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Discussion in 'iMac' started by Whackintosh, Mar 19, 2019.
I presume the Vega 48 would be, but would any of the less pricey graphics options work too?
I’d think Vega 48 would be iffy, but we don’t have the performance figures yet. I estimate it’s somewhere between a GTX 1660 and a GTX 1070. So maybe lower end VR stuff. Haven’t done much with VR myself but it takes a lot of FPS to not get sick and you have to output two views at decent resolution or it will look like garbage. I’d guess this is near the bottom of the barrel for VR but will run most newer normal games at 1440p around 60fps with moderately high settings in Windows.
Thanks, Macduke. I can't believe that their top-end GPU is still likely too underpowered to handle VR. That's incredibly disappointing, especially at that price. Shoot.
Maybe get a Mac Mini + Razor Core X eGPU enclosure + AMD Radeon VII? It's not an all-in-one but at least you can upgrade the Mac and graphics card separately when you need to and you can have a Windows 10 install for greater range of VR games.
I should perhaps clarify, my interest isn't in gaming so much as it is in being able to watch narrative VR filmmaking / storytelling.
Now that both cards have been used for a few weeks, has anyone tried VR "playback" on Vega? All the reviews I've seen that talk about the 48 have focused on gaming or video editing.
The Vega is not capable of high end VR rendering performance and that’s the top end available graphic card right now for the iMacs so forget about it.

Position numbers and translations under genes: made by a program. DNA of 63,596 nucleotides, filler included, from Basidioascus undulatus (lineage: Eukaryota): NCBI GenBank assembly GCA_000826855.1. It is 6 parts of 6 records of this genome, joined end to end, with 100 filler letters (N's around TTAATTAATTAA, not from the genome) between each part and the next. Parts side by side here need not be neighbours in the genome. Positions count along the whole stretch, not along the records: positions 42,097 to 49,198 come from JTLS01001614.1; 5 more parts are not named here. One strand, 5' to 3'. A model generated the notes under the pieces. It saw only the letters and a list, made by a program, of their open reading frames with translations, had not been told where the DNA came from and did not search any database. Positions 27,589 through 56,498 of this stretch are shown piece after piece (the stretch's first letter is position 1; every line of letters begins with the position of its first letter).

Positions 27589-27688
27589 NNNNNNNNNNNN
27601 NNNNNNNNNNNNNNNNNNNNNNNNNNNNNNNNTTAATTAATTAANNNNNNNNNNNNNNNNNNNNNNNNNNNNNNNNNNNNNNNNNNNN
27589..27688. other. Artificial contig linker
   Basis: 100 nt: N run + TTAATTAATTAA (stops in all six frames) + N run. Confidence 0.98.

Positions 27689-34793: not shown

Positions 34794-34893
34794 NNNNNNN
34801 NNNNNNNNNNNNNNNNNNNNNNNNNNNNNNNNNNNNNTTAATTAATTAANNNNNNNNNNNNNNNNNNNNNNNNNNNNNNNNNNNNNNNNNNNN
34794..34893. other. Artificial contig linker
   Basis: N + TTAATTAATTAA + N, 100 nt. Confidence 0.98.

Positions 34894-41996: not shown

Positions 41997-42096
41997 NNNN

VR tech is surely advancing so sooner or later the iMacs will need to be equipped with far more capable graphic cards.
Good to know. So basically, it would likely make the most sense not to bother with the Vega and wait for the availability of a more powerful EGPU down the road?
Exactly, as far as VR is concerned which requires serious graphic power, None of the currently available graphic cards that are offered in the iMacs are capable of providing any sort of solid performance for a high end VR Experience, I personally have the 580x in my 2019 27 inch iMac.
Once Vr goes more mainstream perhaps we’ll start seeing some much more powerful graphic cards being built in to these computers.
The best graphics card option you can select with the new iMacs is the AMD Radeon Pro Vega 48, a more modest GPU is the AMD Radeon Pro 580x - they can both be used for VR. AMD state that these are both 'VR Ready Premium' cards https://www.amd.com/en/technologies/vr-ready-premium.
The most selection of games is when running Windows in Bootcamp mode, although the Vega 48 is definitely better. If you go to Steam and have a look at the recommended system requirements for a VR game you can view for yourself exactly what graphic card is required or recommended for each VR game.
Skyrim VR is an older title but list a Radeon Pro 580x as recommended graphics card https://store.steampowered.com/app/611670/The_Elder_Scrolls_V_Skyrim_VR/.
Less graphical intensive games like Job Simulator only requires an AMD Radeon R9 290 an https://store.steampowered.com/app/448280/Job_Simulator/.
Metro Exodus is a recent open world game that is graphically impressive its recommended graphics card is the AMD RX VEGA 56. https://store.steampowered.com/app/412020/Metro_Exodus/
Things to bear in mind; both cards should be suitable for the variety of less graphics intensive VR 'experiences.' The Vega 56 is the option if you want to run the new 3D worlds. An eGPU is not officially supported with Bootcamp, although there are some multi-step workarounds.
I have to disagree with you immensely, AMD claiming the 580x and Vega to be capable of VR is nothing short of marketing tricks. The two graphic cards can’t run high end computer games at maxed out settings at 60fps so how in the world are they supposed to deliver a high end VR Experience. They simply can’t. These cards are capable of mediocre VR experiences at best.